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  • Level: GCSE
  • Subject: Art
  • Word count: 2013

Why is Chartres cathedral of such outstanding importance in the study of Gothic art and architecture?

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Introduction

Why is Chartres cathedral of such outstanding importance in the study of Gothic art and architecture? Gothic architecture in Europe was a style largely associated with cathedrals and churches, which flourished in Europe during the high and late medieval period. Beginning in 12th Century France, initially known as the 'French style' before later being recognised as the 'Gothic style', the architectural structure was typically characterised by vast space and lots of light to create a feeling of awe. The rib vault, flying buttress and pointed arch were used as solutions to the problem of building a very tall structure whilst preserving as much natural light as possible. The High Gothic period "can be recognised as one of unresolved experimentation, a brief transition between two much longer and more productive eras".1 The High Gothic years (1250-1300) heralded by Chartres cathedral were dominated by France, especially with the later development of the Rayonnant style. Bony (1969) goes as far to say "the whole history of French Gothic in the 13th Century could almost be reduced to the development and metamorphosis of the Chartres type"2. Having no gallery, the elevation was in three tiers yet despite the weight of the great vault, the cathedral was to be luminous like no other church had been before, to make this possible the master-builder of Chartres abandoned the quadripartite elevation3 which abolished the need for alternating supports. ...read more.

Middle

In the fourteenth century "churches which adopted the immense windows invented at Chartres were being called 'lanterns', an image surely intended to evoke not only the light emitted from between the bars of a lantern but also the roles of saints as spiritual beacons" 9. In omitting the gallery the master-builder was able to achieve the "principle of translucent walls in all parts of the building...[he could also]...give greater height to the side aisles as well as the clerestory windows" 10 therefore the side aisles of Chartres "illuminated be large windows, became a luminous foil enveloping the nave" 11. The famous Blue Virgin window which was completed in the twelfth century completes one of the most complete collections of medieval stained glass still in existence. With the symbolism and decoration of the stained glass windows, it makes the Chartres cathedral especially unique for the study of art, this is heightened by the fact that this the only cathedral from the High Gothic period with the original stained glass windows in place. There is a Gothic tendency to merge together "mathematical with the ornamental [which can be seen] in Chartres cathedral and it is most apparent in the three great roses"12. The rose, designed with geometrical influences is made with bar tracery to divide up the sections of glass. ...read more.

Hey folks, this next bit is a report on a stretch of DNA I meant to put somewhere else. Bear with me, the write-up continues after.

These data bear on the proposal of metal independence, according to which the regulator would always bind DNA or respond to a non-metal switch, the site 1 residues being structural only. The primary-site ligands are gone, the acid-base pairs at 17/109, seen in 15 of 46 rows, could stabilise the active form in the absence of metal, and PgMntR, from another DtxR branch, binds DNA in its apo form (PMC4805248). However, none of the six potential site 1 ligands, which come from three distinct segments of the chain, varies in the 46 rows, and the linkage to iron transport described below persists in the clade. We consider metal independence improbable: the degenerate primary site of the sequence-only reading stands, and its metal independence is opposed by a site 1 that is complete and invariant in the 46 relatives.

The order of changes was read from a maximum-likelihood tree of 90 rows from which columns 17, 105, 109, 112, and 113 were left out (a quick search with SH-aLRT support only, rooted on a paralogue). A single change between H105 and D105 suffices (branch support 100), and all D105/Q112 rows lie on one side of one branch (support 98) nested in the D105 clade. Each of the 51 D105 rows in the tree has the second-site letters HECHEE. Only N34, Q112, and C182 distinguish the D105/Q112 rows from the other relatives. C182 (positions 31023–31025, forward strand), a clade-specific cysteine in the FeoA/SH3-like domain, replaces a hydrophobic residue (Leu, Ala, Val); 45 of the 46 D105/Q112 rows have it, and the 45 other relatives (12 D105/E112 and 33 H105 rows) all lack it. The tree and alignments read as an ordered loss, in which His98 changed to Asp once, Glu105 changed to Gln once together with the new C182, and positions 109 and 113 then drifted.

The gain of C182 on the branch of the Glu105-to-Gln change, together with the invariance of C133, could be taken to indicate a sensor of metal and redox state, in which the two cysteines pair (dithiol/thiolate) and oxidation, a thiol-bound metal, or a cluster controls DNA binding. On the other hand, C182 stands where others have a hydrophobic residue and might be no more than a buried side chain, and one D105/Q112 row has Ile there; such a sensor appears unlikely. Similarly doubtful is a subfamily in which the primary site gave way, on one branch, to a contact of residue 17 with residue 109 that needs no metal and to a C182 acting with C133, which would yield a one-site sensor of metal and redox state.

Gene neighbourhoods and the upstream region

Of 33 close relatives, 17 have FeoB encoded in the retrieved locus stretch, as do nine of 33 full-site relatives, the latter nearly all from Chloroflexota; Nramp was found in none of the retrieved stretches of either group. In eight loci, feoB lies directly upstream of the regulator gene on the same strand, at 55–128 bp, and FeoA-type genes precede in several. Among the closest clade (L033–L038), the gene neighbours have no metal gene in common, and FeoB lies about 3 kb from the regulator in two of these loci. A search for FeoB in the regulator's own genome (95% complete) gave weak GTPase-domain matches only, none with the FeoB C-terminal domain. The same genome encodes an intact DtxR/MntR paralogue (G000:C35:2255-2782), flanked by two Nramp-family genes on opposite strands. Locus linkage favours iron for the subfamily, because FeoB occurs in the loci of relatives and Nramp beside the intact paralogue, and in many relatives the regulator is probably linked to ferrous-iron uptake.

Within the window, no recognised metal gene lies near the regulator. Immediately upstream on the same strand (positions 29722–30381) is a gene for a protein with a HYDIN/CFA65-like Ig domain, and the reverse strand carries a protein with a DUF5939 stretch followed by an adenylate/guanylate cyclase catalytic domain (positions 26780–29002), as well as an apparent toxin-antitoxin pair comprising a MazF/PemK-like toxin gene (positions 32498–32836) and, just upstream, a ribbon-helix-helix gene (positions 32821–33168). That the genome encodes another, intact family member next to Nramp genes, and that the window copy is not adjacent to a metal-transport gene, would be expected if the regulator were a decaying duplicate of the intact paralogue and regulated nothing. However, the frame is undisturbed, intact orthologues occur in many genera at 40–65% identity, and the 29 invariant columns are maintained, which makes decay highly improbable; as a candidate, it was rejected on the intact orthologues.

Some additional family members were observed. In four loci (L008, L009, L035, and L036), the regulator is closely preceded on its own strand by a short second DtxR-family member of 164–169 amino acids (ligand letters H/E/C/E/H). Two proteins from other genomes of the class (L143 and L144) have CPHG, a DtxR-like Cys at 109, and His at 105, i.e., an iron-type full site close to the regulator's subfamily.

Conclusion

Traced on the body of these angular sculptures is a mass of longitudinal fine lines indicating the creases in garments, and emphasising their stretched height. In most cases the two sides of their sombre faces form almost complete symmetry. On the other hand on the northern portal you see examples of High Gothic sculpture. These figures are far more realistic in their proportions and their faces and movements are altogether more animated than those on the central portal, which appear to be more part of the structure of the actual building. These contrasting examples of Gothic sculpture and can be seen around the ornate cathedral at Chartres; subsequently it makes the cathedral important in the study of art and in particular sculpture of the Gothic period.17 The 'French Gothic' design as shown in Chartres and then evolving from the Chartres design influenced cathedrals being built all across Europe during the Rayonnant period. The cathedral of Notre Dame at Chartres is an influential Gothic cruciform cathedral built upon Romanesque foundations, and was known as one of the first High Gothic buildings to be completed; bringing together the entire vocabulary of High Gothic together with its flying buttresses, stained glass and ornamental sculpture. Because Chartres is one of the original Gothic cathedrals and has influenced so many of the later High Gothic and Rayonnant period cathedrals it is of great importance to the architects interested in the history of Gothic sculpture. ...read more.

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